IXPs often become critical to their members' businesses, so it is important that the site of the IXP is as secure as possible. Commercial co-lo companies usually have sophisticated security systems, some elements to consider when looking for space are: 24x7 security manning, CCTV coverage (inside and out), and multiple level access control (site, building, room, rack/cage). The latter is worthy of particular consideration where the IXP is situated in shared rack space. Whatever security systems are in place, they need to be balanced with ease of access for IXP staff. Ideally, access should be available 24x7, and it worth making some effort to ensure co-lo staff are familiar with IXP staff. Where IXP members have equipment co-located in the IXP consideration should be given as to whether they are allowed unaccompanied access. This may be acceptable and pose little risk in the early days of an IXP, but as members rely more and more on the IXP it is probably wise to limit access to accompanied visits only.
The co-lo space should be adequately cooled, with high quality air conditioning. Additionally, robust fire detection and suppression systems should be in place.
Much modern switching and routing equipment has the capability of redundant PSUs. To take advantage of this feature the co-lo should be able to provide at least two power supplies, preferably from diverse parts of the electric companies supply network. There should also be on site generators, with battery back-up/switch over to protect against total supply failure. The IXP may also wish to consider having it's own non-interuptable power supply, this is probably most important where the co-lo company cannot satisfy the requirements above.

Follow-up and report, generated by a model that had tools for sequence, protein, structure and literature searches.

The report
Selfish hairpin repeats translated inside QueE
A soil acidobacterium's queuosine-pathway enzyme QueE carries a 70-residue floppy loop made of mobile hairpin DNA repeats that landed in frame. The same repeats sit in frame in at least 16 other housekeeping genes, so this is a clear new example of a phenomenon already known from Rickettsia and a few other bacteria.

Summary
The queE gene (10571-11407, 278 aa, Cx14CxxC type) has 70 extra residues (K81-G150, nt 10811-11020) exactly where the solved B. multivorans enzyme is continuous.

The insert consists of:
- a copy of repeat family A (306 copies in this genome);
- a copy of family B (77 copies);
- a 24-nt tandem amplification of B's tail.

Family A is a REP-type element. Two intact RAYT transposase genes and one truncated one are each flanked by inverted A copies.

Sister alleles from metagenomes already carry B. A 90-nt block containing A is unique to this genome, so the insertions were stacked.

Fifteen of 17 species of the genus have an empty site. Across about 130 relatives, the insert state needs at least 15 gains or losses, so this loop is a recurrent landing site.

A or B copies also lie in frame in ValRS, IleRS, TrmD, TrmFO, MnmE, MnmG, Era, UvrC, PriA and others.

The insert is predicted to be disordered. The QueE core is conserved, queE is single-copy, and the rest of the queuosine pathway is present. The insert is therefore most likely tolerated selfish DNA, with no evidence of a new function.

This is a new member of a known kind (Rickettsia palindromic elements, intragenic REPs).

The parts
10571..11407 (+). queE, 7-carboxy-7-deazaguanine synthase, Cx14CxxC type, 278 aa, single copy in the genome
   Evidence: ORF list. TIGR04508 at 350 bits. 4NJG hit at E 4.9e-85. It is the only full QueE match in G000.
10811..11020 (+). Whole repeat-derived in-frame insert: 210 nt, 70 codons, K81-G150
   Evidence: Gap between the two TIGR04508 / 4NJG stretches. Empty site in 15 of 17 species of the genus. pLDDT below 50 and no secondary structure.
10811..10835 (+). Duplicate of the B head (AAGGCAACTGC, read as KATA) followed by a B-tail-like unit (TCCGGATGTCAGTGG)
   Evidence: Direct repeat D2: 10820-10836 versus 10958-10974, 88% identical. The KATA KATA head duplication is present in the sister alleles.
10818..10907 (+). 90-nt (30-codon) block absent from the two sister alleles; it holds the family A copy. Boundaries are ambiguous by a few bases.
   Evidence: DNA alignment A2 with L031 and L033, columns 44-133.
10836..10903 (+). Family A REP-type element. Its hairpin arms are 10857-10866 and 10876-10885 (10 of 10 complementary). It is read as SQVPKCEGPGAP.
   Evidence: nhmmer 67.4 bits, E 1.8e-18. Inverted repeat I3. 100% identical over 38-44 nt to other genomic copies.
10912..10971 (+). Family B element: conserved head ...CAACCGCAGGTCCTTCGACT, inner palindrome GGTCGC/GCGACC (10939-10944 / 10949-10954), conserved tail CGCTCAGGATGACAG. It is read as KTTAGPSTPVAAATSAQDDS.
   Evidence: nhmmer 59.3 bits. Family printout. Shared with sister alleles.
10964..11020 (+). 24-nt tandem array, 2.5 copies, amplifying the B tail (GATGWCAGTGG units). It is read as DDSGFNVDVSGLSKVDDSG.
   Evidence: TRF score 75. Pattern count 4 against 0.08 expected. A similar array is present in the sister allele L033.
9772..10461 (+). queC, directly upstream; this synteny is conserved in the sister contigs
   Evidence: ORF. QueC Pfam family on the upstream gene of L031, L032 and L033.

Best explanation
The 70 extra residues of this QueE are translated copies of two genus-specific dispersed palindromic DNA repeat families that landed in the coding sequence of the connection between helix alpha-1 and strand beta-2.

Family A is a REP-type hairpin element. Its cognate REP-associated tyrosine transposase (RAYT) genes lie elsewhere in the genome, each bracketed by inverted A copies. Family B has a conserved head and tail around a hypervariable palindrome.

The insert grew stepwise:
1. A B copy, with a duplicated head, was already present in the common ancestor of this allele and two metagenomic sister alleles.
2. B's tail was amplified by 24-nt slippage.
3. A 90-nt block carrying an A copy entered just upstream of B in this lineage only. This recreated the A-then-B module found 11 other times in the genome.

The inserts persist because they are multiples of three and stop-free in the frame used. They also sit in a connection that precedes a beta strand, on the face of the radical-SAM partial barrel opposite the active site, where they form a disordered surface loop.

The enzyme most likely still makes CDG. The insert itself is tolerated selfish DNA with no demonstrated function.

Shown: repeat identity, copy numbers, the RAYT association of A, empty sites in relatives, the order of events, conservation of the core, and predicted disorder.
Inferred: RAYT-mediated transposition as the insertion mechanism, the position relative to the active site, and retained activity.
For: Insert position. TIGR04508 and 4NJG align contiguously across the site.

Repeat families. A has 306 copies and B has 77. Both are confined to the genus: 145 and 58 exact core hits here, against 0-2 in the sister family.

Most existing IXPs allow members to co-locate routers at the IXP or are in a site where members may have their own rack space. It will be important to the members to have access to as many telcos as possible, therefore it is in the interest of the IXP to select a site with access by multiple carriers, even though this is not of direct benefit to the IXP itself. In situations where the telco market has not been opened to competition, it is worth discussing with the co-lo company their capability to allow multiple carries into the site in the future. There are two main factors, the physical - is there or will there be, adequate duct capacity, and commercial, are there any constraints on telcos accessing the site (e.g. local planning controls, ownership of the co-lo facility).
Given that a large IXP is likely to have 100+ members, many with 2 or more connections to the IXP, consideration should be given to the amount of space available for cabling. Also, any conditions or requirements the co-lo company may put on cabling need to be clearly understood.
Most commercial co-lo companies offer various levels of technical support. These services can be useful for the start up IXP that may not have staff available 24x7 to support the IXP. This can be quite an expensive option though, also the technical ability of the staff can be quite limited. If co-lo staff are going to be involved in support it is important that they understand the critical nature of the IXP, and are familiar with the role it plays in the Internet infrastructure.